However, as we wrote about recently, rising costs from inflation, as well as its eroding effect on savings, are likely to mean a larger pot is necessary — especially when UK life expectancies are considered. If you live until your late 80s or 90s, you may find yourself retired for 30 or 40 years. This significantly increases the size of the retirement fund needed to maintain a decent standard of living.

Taking the time to undergo a midlife MOT could help you review if the financial plans you have in place are sufficient to provide for you in retirement.

Unbiased reports that one in six Brits aged 55 and over have no savings in place for retirement beyond their State Pension. Reviewing your finances now could help you get back on track for your long-term goals, and ensure you are secure throughout your retirement.

A mid-life MOT might prompt you to consider the benefits of certain work opportunities

As you enter the latter half of your career, it could be a good move to reassess your long-term plans, how your job fits into them, and if pursuing an early retirement is the right move for you.

Conversely, if you are already actively retired, reviewing your financial needs and the effects of being retired on your wellbeing, could help you decide if a return to work is an option you should consider.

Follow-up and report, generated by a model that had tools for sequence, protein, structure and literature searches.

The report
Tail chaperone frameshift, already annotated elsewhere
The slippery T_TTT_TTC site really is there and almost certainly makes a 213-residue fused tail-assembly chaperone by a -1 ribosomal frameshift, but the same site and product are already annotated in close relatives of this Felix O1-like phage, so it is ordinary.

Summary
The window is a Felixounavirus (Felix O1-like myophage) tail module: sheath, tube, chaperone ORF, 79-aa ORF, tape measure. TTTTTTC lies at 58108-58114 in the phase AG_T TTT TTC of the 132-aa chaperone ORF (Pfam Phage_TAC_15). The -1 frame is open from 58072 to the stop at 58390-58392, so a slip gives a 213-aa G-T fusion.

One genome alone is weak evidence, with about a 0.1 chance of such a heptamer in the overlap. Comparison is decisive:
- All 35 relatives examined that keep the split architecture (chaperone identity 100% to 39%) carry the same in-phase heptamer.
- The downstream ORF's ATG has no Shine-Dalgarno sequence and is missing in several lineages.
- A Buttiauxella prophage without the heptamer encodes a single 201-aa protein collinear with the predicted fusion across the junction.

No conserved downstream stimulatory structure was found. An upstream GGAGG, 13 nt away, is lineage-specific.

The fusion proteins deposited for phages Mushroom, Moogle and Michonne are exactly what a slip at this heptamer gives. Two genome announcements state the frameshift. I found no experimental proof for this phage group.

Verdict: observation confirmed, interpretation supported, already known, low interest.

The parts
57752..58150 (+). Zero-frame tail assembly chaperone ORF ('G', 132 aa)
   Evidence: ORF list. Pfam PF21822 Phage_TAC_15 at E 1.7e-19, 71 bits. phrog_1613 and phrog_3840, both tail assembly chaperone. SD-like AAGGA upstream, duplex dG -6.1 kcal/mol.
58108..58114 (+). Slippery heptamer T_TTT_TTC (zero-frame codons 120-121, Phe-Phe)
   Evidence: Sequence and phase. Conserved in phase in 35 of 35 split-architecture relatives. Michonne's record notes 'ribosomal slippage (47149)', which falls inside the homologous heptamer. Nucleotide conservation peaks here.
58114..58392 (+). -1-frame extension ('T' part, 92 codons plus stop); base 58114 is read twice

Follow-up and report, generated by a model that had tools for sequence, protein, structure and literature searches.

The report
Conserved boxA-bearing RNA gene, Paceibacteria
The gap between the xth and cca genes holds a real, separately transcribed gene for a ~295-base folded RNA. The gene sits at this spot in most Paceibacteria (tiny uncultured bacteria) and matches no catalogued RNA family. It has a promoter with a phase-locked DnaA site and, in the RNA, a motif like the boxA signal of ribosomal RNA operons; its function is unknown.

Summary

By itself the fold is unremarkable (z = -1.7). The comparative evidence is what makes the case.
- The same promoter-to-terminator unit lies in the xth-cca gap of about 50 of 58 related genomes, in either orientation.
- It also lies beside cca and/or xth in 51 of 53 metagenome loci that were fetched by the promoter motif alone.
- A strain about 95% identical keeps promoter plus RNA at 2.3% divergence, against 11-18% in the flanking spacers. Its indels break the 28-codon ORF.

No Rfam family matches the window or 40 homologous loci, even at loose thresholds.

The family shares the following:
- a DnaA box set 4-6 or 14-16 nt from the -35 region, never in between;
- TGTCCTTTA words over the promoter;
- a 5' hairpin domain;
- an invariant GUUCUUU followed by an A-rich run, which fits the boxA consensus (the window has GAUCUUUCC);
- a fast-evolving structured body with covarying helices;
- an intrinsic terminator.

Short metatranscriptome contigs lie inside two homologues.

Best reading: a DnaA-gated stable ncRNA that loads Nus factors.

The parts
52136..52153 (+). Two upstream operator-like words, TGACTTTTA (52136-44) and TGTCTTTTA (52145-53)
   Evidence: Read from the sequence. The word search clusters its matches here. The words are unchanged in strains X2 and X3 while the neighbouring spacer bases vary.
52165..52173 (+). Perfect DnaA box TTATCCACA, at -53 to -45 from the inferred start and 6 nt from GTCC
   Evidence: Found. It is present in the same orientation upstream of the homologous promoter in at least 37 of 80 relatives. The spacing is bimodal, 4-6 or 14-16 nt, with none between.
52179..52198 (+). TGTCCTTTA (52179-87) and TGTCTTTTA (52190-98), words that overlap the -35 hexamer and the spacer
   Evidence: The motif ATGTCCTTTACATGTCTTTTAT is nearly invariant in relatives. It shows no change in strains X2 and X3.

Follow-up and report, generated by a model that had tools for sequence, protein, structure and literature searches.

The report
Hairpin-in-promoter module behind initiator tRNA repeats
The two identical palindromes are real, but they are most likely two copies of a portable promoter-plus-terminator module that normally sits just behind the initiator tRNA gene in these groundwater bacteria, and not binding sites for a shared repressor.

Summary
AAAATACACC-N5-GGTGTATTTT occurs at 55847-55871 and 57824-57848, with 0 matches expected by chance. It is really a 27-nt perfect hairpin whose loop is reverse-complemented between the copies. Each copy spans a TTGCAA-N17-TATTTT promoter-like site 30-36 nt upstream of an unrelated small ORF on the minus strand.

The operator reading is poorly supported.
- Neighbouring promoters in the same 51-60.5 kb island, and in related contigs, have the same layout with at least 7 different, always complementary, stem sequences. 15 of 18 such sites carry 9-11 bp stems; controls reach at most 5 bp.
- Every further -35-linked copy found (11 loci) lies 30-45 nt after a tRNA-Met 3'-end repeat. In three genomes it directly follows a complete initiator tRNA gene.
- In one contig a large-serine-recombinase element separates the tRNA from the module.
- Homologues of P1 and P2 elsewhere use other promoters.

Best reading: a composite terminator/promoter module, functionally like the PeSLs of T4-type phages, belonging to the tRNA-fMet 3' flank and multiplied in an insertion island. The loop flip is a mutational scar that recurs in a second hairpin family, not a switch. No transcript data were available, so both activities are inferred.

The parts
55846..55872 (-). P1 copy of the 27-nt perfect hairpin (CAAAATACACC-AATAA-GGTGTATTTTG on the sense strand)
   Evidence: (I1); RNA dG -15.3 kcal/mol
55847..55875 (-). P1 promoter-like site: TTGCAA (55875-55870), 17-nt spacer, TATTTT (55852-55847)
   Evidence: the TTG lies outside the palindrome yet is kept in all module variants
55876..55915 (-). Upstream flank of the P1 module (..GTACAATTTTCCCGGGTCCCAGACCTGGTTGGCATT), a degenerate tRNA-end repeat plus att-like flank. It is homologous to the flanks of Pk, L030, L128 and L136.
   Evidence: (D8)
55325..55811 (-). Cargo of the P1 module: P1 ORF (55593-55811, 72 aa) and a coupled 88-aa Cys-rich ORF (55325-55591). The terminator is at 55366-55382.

AgeUK reports that one of the leading challenges recent retirees face is the sudden loss of purpose and identity. Opting to continue to work in some capacity, even part-time, could provide a financial and emotional boost.

BMC Public Health compiled research from 17 studies on later-life working habits and determined that working part-time in a low-stress role can have health and wellbeing benefits throughout your retirement years.

A review of your career plans might involve:

  • Assessing your job security and opportunities for progression
  • Determining if you could benefit from gaining any additional skills
  • Reviewing your workplace pension and existing contributions
  • Deciding if your line of work suits a later-life transition to part-time unemployment.

According to People Management, longer life expectancies and rising costs are expected to push the age of retirement to 69 in the next 20 years, so taking the time to assess your career options now, and how work will factor into your later life could be a crucial step in the right direction.